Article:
Why There Is No Amazon of Banking
According to a recent American Banker article titled Amazon Becomes Retail Bank Role Model:
“Amazon has revolutionized everything from publishing to online shopping. Can it save retail banking? At Retail Banking 2014, bank execs repeatedly invoked Amazon as an example of what they aspire to become. One said ‘Amazon was conceived around the use of data and the customer experience.’ Another called Amazon ‘the most visible example of using data to customize a customer experience.’ Another called the Amazon model a possible savior for the industry.”
My take: These views reflect a complete misunderstanding of what Amazon is.
I don’t dispute for a moment that Amazon makes great use of the data it gathers, and that it delivers a superior customer experience. But that’s not what Amazon “is.” What Amazon is is one of the world’s largest distribution systems.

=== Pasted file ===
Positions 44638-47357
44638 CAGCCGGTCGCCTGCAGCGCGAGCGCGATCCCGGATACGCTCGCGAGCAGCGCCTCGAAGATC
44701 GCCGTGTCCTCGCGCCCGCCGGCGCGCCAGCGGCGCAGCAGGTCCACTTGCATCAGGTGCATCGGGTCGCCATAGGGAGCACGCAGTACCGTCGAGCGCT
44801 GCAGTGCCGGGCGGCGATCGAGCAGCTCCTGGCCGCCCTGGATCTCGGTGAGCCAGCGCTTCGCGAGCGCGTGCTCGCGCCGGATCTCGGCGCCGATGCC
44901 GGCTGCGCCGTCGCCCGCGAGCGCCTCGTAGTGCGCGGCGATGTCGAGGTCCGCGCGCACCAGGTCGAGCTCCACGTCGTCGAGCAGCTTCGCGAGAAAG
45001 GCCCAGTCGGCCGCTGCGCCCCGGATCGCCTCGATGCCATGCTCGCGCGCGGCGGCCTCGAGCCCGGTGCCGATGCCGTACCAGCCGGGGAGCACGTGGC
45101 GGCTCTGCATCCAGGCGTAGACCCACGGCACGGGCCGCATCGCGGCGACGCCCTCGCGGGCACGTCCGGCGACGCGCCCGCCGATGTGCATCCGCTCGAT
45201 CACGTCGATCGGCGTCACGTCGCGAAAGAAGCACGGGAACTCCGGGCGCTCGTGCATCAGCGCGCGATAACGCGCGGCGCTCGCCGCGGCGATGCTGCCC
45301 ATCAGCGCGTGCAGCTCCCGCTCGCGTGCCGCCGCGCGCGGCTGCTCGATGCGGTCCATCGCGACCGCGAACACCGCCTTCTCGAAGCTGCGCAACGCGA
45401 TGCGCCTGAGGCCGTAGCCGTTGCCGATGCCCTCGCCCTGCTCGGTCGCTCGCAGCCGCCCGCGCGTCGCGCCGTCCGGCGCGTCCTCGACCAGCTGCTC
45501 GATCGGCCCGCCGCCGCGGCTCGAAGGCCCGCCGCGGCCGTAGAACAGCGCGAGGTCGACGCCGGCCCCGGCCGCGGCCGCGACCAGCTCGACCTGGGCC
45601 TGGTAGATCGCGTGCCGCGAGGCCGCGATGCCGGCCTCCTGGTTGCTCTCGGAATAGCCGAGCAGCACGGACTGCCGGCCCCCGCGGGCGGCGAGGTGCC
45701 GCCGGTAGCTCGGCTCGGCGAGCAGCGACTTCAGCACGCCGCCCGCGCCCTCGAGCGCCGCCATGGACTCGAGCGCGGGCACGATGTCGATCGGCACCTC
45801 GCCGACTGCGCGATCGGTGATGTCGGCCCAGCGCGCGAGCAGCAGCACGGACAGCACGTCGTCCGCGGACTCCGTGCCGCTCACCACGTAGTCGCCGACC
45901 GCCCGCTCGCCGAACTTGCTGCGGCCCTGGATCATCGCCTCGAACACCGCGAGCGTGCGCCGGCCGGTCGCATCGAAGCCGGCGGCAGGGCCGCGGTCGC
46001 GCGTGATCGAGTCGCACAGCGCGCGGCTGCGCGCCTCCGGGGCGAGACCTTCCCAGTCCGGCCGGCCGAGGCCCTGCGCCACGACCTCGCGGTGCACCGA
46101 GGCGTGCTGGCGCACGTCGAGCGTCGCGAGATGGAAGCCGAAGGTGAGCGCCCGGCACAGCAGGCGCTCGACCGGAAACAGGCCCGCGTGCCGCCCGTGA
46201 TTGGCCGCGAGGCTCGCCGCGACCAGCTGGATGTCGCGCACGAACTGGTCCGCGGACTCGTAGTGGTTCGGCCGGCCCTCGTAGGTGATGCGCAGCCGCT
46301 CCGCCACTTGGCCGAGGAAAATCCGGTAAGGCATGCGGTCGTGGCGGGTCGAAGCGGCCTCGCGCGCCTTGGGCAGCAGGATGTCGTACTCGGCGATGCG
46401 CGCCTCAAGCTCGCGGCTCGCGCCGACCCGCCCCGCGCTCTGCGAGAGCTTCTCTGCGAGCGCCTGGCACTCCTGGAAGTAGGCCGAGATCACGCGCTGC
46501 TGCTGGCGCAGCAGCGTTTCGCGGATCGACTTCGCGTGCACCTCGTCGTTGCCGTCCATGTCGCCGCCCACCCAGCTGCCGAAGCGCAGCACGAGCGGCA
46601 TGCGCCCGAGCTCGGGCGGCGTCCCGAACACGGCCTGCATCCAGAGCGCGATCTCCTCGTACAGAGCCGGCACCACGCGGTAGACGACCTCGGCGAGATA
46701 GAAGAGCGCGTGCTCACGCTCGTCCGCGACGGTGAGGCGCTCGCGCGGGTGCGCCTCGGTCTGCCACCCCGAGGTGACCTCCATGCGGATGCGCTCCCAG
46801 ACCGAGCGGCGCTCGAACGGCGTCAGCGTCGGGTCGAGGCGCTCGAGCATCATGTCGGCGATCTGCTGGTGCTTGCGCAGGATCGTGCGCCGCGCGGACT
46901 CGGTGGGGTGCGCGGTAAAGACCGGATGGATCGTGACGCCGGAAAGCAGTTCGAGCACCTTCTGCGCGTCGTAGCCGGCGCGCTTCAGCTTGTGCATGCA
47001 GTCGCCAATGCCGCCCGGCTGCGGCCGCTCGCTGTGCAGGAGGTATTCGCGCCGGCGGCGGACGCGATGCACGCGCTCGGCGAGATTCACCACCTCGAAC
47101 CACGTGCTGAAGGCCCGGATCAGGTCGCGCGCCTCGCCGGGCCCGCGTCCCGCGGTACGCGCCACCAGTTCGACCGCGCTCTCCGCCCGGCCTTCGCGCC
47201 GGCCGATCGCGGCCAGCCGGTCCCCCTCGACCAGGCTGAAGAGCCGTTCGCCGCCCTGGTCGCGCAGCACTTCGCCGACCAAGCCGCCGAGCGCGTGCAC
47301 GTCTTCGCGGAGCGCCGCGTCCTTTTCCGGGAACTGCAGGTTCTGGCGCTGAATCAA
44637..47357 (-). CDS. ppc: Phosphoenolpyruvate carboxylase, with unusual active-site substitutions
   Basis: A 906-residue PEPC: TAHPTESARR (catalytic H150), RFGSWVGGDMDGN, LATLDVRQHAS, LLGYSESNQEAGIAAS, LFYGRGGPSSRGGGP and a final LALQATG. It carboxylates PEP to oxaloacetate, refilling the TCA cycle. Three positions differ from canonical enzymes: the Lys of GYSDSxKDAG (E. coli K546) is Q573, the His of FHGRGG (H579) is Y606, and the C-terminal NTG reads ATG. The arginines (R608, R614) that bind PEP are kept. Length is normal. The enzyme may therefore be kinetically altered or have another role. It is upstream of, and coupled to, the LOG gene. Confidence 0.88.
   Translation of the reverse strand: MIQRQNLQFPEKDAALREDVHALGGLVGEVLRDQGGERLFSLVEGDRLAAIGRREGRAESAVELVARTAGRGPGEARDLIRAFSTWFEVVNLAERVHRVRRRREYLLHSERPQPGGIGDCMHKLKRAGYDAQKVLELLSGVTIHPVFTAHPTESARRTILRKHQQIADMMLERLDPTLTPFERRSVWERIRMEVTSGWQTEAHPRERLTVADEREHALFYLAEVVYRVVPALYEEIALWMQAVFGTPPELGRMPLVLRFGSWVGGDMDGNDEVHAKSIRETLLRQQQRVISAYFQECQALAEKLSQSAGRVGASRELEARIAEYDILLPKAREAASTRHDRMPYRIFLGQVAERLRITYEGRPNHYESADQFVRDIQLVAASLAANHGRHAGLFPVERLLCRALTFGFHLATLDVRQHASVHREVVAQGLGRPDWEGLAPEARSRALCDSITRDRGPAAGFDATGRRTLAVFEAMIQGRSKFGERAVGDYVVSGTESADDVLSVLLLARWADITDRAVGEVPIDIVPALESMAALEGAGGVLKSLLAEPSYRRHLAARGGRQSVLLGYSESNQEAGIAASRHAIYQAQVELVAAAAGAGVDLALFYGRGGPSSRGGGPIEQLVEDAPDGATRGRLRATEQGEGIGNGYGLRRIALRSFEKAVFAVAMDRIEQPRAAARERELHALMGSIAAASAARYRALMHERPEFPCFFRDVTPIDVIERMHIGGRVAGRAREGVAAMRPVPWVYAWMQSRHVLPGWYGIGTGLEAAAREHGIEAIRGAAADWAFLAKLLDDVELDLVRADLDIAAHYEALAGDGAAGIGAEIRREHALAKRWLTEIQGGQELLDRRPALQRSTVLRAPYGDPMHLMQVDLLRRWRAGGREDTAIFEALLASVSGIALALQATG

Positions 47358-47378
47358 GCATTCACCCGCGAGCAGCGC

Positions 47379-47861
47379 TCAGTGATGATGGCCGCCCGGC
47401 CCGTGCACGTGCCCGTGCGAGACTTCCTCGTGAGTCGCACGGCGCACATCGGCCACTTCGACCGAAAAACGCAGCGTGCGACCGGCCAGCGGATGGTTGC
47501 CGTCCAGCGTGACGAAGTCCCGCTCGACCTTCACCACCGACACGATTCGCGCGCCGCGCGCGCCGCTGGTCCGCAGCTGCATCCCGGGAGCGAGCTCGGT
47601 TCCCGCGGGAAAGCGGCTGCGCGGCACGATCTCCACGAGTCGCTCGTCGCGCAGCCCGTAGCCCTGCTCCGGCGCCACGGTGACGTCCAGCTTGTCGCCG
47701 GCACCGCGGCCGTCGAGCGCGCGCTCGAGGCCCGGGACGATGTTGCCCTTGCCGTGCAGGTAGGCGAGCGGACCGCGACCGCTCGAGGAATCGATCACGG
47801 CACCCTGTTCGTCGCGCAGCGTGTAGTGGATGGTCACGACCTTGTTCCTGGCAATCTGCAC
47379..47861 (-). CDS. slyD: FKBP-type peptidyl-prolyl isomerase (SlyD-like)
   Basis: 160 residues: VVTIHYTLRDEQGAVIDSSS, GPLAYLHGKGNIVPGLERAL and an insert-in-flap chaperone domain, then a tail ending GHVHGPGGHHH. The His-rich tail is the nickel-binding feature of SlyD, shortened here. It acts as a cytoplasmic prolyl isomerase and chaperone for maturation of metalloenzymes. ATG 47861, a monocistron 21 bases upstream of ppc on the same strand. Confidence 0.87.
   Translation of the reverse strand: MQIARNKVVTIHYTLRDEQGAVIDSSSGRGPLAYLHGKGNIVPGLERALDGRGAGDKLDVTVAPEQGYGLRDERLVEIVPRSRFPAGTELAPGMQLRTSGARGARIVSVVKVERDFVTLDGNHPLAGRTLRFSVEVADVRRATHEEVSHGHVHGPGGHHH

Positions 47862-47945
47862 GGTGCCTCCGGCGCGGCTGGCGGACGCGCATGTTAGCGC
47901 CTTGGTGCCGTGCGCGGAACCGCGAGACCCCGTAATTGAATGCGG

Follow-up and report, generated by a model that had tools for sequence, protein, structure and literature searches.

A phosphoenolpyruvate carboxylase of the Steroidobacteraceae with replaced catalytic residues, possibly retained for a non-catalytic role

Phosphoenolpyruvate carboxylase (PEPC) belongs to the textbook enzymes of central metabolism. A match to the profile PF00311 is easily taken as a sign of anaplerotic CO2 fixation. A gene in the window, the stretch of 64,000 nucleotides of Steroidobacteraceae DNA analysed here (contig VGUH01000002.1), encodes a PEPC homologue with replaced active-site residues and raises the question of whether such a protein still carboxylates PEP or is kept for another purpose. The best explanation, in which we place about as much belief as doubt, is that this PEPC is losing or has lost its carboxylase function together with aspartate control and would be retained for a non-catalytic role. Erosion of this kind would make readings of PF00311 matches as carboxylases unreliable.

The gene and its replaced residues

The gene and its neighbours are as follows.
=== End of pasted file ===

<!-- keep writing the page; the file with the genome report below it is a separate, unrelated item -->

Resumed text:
The fundamental difference between Amazon and banks is not the use of data or the customer experience. It can be summed up by this:
Amazon does not care what you buy, as long as you buy it from Amazon.
That can’t be said about banks. Banks want you to buy their products and services, and don’t care who you buy them from (although the overwhelmingly majority of time those products will be purchased directly from the bank). Delve deeper into Ron Shevlin's thoughts on Amazon's role on Snarketing2dot0.com.